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SAINT JOHN CHRYSOSTOM

Bishop, Confessor and Doctor of the Church, 344-407

It was Saint John's eloquence that earned for him the surname Chrysostom ("golden-mouthed"). This fourth-century Doctor of the Church was born about 344 in the city of Antioch, where he was reared by his mother and educated by Libanus, the most renowned orator of the period. Baptized about 370 by Bishop Meletius, John went to a monastery and later became a hermit, living in the desert for two years until ill health forced him to return to the city. In 386 he was ordained a priest. This year marks the beginning of his importance in Church history.

During the next twelve years John matured as an orator and a writer. He became prominent throughout the East during this time. In 387 he delivered a series of sermons that settled a conflict between the emperor and the citizens of Antioch that arose over the levying of new taxes. Most of his sermons, however, were explanations of Holy Scripture or exhortations to virtue. To this period (386-397) belong most of his theological and ascetical works and his famous book, On the Priesthood, contributions which alone would warrant his high place among the first Doctors of the Church. To this day, many Catholics of the East celebrate Mass "according to the liturgy of Saint John Chrysostom.."

When the bishop of Constantinople died in 397, the course of John's life was suddenly changed. To settle rivalry over succession to the vacant see, Emperor Arcadius selected John as bishop. But the news was not made public until John could be safely escorted to Constantinople, for fear of protests from the citizens of Antioch. He was consecrated bishop of the imperial city on February 26, 398.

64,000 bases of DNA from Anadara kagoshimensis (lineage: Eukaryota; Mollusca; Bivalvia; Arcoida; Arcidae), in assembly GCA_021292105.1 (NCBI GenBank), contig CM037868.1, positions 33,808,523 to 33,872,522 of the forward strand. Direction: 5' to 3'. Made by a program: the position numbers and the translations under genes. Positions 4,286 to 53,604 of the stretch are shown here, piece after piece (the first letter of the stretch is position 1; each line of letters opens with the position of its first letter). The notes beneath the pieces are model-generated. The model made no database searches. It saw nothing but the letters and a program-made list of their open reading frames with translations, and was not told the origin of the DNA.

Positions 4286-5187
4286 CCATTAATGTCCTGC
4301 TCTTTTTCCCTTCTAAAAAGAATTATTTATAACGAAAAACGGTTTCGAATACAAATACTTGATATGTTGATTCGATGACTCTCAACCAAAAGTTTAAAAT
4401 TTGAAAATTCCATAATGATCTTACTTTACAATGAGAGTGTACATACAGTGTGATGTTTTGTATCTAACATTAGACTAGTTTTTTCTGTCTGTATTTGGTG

After his appointment all Constantinople felt the force of his zeal. He immediately enforced discipline among the clergy; then, turning his attention to the faithful, he preached against extravagance, lust, and avarice. He erected hospitals and homes for the sick and poor, regulated Church affairs at Ephesus, and revised the Byzantine liturgy.

At first he was in great favor at court, but his uncompromising reforms laid the groundwork for his final banishment. A sermon concerning the vanity of women was taken as a personal affront by Empress Eudoxia, who with the aid of John's enemies influenced her weak husband to send the bishop into exile. Threats of the angered citizens, however, plus some now unknown accident in the palace, prevented the carrying out of this sentence. A few months later, in 404, a more serious incident occurred. A new statue of the empress was erected near the cathedral, and the celebrations that accompanied this event were so extreme that John complained about them, again provoking the empress. This time his exile could not be prevented; he was banished to Cucusus, a city on the eastern frontier of Cilicia. Then in 407, in defiance of Pope Innocent I, who strongly supported John, an order was given to send the saint to a more remote place between the Black and Caspian seas. Exhausted by the journey and the maltreatment he suffered, John died on September 14, 407, near Comana in Cappadocia.

 

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